How capitalism degenerates our minds

We live in an age of advertising. The goal of marketing is to shove a short, impactful message into our head to make us want something — and before we can rationalise whether or not we need it, the idea is already implanted. We’ve become accustomed to seeing ads everywhere, and especially young people who’ve grown up in late capitalism and on the internet have become conditioned to interpret this omnipresent reality as something to desire, as it ultimately is up to everyone to personally realize how irrelevant most adverts are to them, ultimately forcing everyone to deal with the ballast that has formed in their minds during their most impressionable years.

Intertextuality plays a major role. The mind creates expectations based on previously read texts when approaching additional texts, and there is no escape from seeing dozens of different adverts every day of movement in the real or virtual worlds. As minimalism and impact are preferred means of conveying a business message via an advertising medium, our intertextually functioning minds become accustomed to this simplicity. This leaves the potential of complex critical thinking stunted, as instead of developing our cognitive capabilities and attention span through reading longer texts which do not carry an implicit propagandist agenda of the dominant ideology, we become not unlike panting dogs whose master is offering them a treat for rolling on the floor. And we even learn to revel in it.

Furthermore, as the human brain is wired to seek pleasure, purchasing can easily become a sort of therapy, where one falls into the habit of spending money for short-term gratification. As ironic as it is, these things are just as addictive as drugs yet nobody seems too preoccupied with warning young people about it. Consuming is seen as acceptable as long as it doesn’t undermine our personal financial capabilities. And if it even comes to that, we learn to see errors in ourselves instead of the capitalist world that even has the audacity to present itself as a good one, one that provides salvation in contrast with different ideologies, and one is forced to turn to more spending in hopes of resolving the resulting pathologies.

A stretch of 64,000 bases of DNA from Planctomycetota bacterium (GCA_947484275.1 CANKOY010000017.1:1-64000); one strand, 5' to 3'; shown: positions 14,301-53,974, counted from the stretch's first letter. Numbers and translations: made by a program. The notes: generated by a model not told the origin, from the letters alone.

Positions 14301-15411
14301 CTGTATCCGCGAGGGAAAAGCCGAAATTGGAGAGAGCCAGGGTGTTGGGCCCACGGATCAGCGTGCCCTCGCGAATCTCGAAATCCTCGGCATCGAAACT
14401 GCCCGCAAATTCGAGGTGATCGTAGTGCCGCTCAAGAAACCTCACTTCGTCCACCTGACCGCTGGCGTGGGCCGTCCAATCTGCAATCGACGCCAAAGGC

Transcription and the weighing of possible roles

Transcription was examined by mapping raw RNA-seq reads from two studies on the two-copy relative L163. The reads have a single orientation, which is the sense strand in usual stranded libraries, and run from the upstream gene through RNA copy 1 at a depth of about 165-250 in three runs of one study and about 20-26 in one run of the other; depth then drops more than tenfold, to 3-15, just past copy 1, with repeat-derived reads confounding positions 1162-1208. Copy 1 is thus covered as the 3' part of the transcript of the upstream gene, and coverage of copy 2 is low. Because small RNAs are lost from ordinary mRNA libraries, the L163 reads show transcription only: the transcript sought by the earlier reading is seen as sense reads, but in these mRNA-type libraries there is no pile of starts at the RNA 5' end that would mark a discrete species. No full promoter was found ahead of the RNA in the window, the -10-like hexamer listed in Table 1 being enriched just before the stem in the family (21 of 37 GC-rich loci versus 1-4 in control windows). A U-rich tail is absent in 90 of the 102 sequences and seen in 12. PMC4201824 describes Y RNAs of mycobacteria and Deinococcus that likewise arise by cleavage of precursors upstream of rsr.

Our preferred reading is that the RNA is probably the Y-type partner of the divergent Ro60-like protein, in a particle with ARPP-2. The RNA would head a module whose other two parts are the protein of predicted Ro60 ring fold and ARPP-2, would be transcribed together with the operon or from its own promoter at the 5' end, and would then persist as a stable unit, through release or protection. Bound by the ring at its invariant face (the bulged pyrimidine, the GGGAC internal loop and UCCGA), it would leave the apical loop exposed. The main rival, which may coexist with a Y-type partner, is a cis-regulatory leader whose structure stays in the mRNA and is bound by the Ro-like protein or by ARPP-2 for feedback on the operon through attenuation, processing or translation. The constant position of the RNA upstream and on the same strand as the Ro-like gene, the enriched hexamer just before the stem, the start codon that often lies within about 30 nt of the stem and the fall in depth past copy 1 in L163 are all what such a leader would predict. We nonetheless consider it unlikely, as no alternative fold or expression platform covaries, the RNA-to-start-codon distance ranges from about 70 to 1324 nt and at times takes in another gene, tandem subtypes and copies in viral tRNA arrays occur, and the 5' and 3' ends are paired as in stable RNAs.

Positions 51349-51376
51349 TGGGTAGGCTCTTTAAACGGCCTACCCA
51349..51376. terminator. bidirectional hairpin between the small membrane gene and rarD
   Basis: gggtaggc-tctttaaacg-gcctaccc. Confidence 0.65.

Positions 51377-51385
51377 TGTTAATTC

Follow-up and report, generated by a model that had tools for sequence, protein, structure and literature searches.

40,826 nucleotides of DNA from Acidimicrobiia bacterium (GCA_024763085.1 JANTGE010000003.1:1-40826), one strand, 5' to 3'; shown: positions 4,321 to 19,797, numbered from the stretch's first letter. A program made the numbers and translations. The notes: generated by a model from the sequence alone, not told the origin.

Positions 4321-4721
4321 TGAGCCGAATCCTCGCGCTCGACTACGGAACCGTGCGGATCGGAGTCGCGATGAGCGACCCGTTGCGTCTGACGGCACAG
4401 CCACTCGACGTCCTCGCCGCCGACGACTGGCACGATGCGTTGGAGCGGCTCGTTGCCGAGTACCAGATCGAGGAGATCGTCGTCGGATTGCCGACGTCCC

As dire as it may seem however, oscillation is the natural order of the world, and all things that sustain wear are bound to innovate themselves and become more aligned with the natural order of our collective survival enterprise. What does not serve its function properly will inherently be replaced or fixed to better align with our needs and nature. The first step, however, is to realize there is something wrong, and to bring these issues into public discourse.